What Is Intergenerational Trauma, and What Does It Have to Do with Racism?
By Amy Marschall, PsyD
Originally published by The UpTake
Many white people have, at some time or another, said to themselves, “Well, I’ve never owned a slave / committed a hate crime / called the police on a black person. What does racism have to do with me?” Even if we choose to overlook the oppressive, racially-biased systems still in existence today and the legal loopholes that still allow for a modernized version of slavery in the United States through the prison system, there are biological and psychological reasons why we should still be aware of and account for the sins of our ancestors.
In your elementary school science class, I am sure you were introduced to the debate about “nature versus nurture.” Essentially, how much of who we are is due to our DNA, and how much is due to our environment? Most people will agree that genetics and environment both play a role in our development and personalities. What many do not realize is that these two concepts are intertwined; our nurture actually becromes our nature—trauma becomes engrained in our genes. This is known as epigenetics, and it is where intergenerational trauma comes into play. Epigenetics refers to how our genes express themselves and are passed down to our children.
As a species, we have survived for thousands of years due to our ability to adapt. When someone lives under chronic stress, certain genes are activated to help them stay alive. These genes are really good at making sure we do not die when the stressful or traumatic thing is happening, but they also prime us for things like heart disease or stroke in the long-term. For example, if you are living in a war zone, it is adaptive to wake up at every sound throughout the night because this will allow you to flee an attack. But when you are living in a safe environment, this sleep disruption increases stress and fatigue unnecessarily.
We see these issues play out in people who experienced abuse. They struggle to feel calm in safe situations and often feel like they are waiting for the next trauma to occur, even if it has been years since the last traumatic event. They might have difficulty feeling trust in a relationship because mistrust helped them survive in an abusive environment. Our brains are excellent at becoming resilient and surviving traumatic situations but have difficulty letting go of tactics when they are no longer needed.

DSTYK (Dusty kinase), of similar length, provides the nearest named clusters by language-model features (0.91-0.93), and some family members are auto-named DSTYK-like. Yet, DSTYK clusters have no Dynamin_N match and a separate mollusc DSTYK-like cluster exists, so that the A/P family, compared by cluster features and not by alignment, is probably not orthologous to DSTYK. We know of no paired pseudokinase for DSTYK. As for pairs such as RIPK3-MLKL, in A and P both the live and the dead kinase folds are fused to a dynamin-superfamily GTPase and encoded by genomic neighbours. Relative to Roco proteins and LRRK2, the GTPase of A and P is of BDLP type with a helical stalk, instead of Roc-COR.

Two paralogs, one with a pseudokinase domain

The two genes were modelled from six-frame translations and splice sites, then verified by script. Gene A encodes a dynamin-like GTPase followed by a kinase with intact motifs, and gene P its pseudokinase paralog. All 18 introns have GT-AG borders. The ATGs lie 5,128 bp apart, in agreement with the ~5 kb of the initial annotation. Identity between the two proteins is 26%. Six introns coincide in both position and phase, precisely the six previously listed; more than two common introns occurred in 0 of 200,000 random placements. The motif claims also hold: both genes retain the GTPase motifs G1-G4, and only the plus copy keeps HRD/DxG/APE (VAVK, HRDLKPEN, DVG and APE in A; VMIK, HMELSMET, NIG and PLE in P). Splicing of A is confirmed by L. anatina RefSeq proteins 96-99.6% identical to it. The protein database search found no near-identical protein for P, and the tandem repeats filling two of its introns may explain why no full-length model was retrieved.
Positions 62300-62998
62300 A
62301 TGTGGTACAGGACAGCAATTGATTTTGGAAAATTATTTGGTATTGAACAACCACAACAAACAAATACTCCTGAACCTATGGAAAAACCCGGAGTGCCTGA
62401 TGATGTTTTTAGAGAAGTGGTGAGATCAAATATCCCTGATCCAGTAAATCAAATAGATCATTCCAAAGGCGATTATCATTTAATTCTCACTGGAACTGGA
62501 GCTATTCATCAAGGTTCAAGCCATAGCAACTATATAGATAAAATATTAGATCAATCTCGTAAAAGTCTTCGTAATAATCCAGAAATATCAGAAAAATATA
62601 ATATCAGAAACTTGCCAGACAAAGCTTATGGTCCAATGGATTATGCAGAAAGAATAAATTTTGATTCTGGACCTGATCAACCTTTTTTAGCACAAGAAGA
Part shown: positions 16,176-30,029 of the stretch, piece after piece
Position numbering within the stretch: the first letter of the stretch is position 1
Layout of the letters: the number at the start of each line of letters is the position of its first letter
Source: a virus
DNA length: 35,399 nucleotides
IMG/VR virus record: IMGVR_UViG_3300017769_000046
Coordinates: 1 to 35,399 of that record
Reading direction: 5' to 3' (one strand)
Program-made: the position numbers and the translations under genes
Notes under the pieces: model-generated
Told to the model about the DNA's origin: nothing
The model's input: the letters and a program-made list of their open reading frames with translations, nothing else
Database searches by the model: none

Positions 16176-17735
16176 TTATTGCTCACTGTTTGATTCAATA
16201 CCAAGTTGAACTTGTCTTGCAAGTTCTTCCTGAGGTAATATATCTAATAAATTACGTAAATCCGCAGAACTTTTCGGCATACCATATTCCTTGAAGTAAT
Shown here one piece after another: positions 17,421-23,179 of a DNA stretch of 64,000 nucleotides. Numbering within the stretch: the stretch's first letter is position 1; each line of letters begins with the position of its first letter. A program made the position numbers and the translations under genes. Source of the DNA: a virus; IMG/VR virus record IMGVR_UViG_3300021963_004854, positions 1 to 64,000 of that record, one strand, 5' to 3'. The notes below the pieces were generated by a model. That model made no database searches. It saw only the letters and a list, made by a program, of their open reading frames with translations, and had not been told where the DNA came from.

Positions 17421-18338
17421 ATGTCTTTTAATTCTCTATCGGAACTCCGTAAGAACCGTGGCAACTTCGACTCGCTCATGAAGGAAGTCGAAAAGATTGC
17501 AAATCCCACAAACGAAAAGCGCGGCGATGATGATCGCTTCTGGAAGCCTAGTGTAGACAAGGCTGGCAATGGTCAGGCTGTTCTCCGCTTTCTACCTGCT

Not only can trauma play out throughout an individual’s life, but when someone who has these traumatic life experiences has a baby, that baby’s genetic makeup is affected by the parent’s trauma. Because those genetic behaviors were helpful for survival in the moment, our bodies decide that our children will benefit from being primed for trauma as well. These effects have been shown to last for at least three generations, if no additional trauma occurs for the children and grandchildren.
So how does this play out with regards to racism? It means that, under ideal and trauma-free conditions, the great-grandchildren of slaves would still carry their ancestors’ trauma. It means that the children and grandchildren of those who grew up under segregation and Jim Crow still carry the trauma of that time in their DNA. And it means that black people in America in 2020 who continue to deal with institutionalized oppression will pass this trauma on to the next generation. This manifests in the systems that make it inherently more difficult for black people than white people to accumulate wealth, that causes racial disparities in prison sentences, and leads to police brutality disproportionately affecting black people.
Until these systems are dismantled, this intergenerational trauma will continue to be passed down from generation to generation. This is why it is essential to address historical trauma in the conversation about racism today. Oppression from decades ago is written in the DNA of black people in America today, and refusing to acknowledge this reality serves only to perpetuate this cycle.